That being said, the dog show world is just like a big family, there’s some you love, some you’d rather not be related to but are, some you can be ashamed of and some that you’d follow into hell. The point is though, just like a family, we are there for each other when things get rough and we do stick together.
Jeff and I are very humbled for receiving this honor and thank the fancy for being so supportive of us through the years.
 238 • ShowSight Magazine, noveMber 2019
Bulldogs is home to Bulldog Club of America national- specialty Best of Breed, Best in Show, and special- ty-winning Bull- dogs. Since 1977, Elizabeth and Daniel Karshner have concentrated their efforts on breeding correct conformation mar- ried with health,
temperament, and soundness. They are the proud breeders of 100 champions to date. Their sires have produced 290 champions, including many specialty winners. Ch. Little Ponds Chief holds the Top Sire record, with 152 champions.
The Karshners have owner-handled their dogs to over 160 Best in Specialty wins. They are AKC Breeders of Merit and BCA mem- bers. Elizabeth has served multiple terms on the BCA Board of Governors and is an AKC-approved judge who has officiated at the BCA national and BCA backup national, as well as many specialties abroad. She will judge Bulldogs at the World Bulldog Federation in conjunction with the 2020 World Dog Show.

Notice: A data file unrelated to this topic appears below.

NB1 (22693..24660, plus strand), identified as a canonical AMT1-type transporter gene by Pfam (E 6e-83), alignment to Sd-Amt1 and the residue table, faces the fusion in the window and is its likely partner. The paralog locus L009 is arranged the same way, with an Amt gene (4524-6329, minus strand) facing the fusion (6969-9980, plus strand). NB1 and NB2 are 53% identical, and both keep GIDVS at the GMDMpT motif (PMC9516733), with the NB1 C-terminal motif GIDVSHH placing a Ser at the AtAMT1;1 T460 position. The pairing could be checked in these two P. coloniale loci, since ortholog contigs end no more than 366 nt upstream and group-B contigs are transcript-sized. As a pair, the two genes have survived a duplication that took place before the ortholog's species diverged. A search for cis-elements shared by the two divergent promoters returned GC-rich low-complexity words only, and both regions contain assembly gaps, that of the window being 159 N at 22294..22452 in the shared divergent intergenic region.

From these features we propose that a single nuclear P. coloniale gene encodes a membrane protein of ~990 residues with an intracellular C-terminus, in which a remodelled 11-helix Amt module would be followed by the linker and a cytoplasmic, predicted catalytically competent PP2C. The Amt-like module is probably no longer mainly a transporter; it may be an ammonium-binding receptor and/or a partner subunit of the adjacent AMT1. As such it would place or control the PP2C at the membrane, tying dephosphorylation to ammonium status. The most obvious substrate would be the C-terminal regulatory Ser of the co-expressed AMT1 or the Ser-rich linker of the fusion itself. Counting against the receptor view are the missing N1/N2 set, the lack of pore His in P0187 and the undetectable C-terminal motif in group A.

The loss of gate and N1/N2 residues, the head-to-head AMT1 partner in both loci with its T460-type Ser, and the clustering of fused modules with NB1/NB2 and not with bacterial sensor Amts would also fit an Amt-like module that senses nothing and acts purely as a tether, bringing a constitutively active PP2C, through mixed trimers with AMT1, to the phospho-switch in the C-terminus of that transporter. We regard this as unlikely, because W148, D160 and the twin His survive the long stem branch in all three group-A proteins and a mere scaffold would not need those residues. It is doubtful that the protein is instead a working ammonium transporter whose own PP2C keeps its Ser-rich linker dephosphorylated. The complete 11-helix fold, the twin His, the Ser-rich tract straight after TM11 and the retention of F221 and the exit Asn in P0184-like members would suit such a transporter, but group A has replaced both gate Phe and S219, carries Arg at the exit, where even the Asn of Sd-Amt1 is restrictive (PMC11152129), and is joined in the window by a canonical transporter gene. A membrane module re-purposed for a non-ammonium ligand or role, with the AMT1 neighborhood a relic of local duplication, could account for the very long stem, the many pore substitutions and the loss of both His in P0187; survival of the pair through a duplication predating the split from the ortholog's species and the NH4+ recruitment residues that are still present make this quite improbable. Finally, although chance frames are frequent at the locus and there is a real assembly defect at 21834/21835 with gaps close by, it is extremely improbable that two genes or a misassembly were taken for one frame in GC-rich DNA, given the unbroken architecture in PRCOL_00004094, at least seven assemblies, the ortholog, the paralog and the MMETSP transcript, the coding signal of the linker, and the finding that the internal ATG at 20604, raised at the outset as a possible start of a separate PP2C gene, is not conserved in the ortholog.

The Karshners are BCA Hall of Fame breeders, and many of their bred-by dogs and bitches are BCA Hall of Fame producers. One of the greatest rewards for the Karshners is seeing Bulldogs they’ve bred complete their championships, owned and handled by newcomers in the breed.
Overall the state of our breed is doing well! There are currently multiple Bulldogs being campaigned that are winning groups and Best in Show awards. They are excellent representatives of correct breed type, temperament and soundness.
Our National breed club along with many of the newer as well as younger generations are placing a higher priority on health testing with special emphasis on using this tool along with all the other considerations when making future breeding decisions. This certainly bodes well for the future for our fancy as we are facing so much of the current anti-dog sentiment of the moment.
I think the financial factor looms large as younger families of dual working parents are dealing with the cost of living as well as time allocated for all the children’s activities, etc. A campaign on media social sites to make the public more aware of what the all wonderful sport of dogs has to offer families including exhibiting, agility, obedience, tracking, working and field trial events. Some- thing for all the family to experience together.
How to select a show puppy?! We look for the package of bal- ance, conformation, movement and the “look at me” temperament then we watch and wait as they mature. Of course this is no exact science (still searching for that crystal ball!) and sometimes we later realize that have placed the better show prospect in a wonderful pet home—which has its own special rewards for us as well.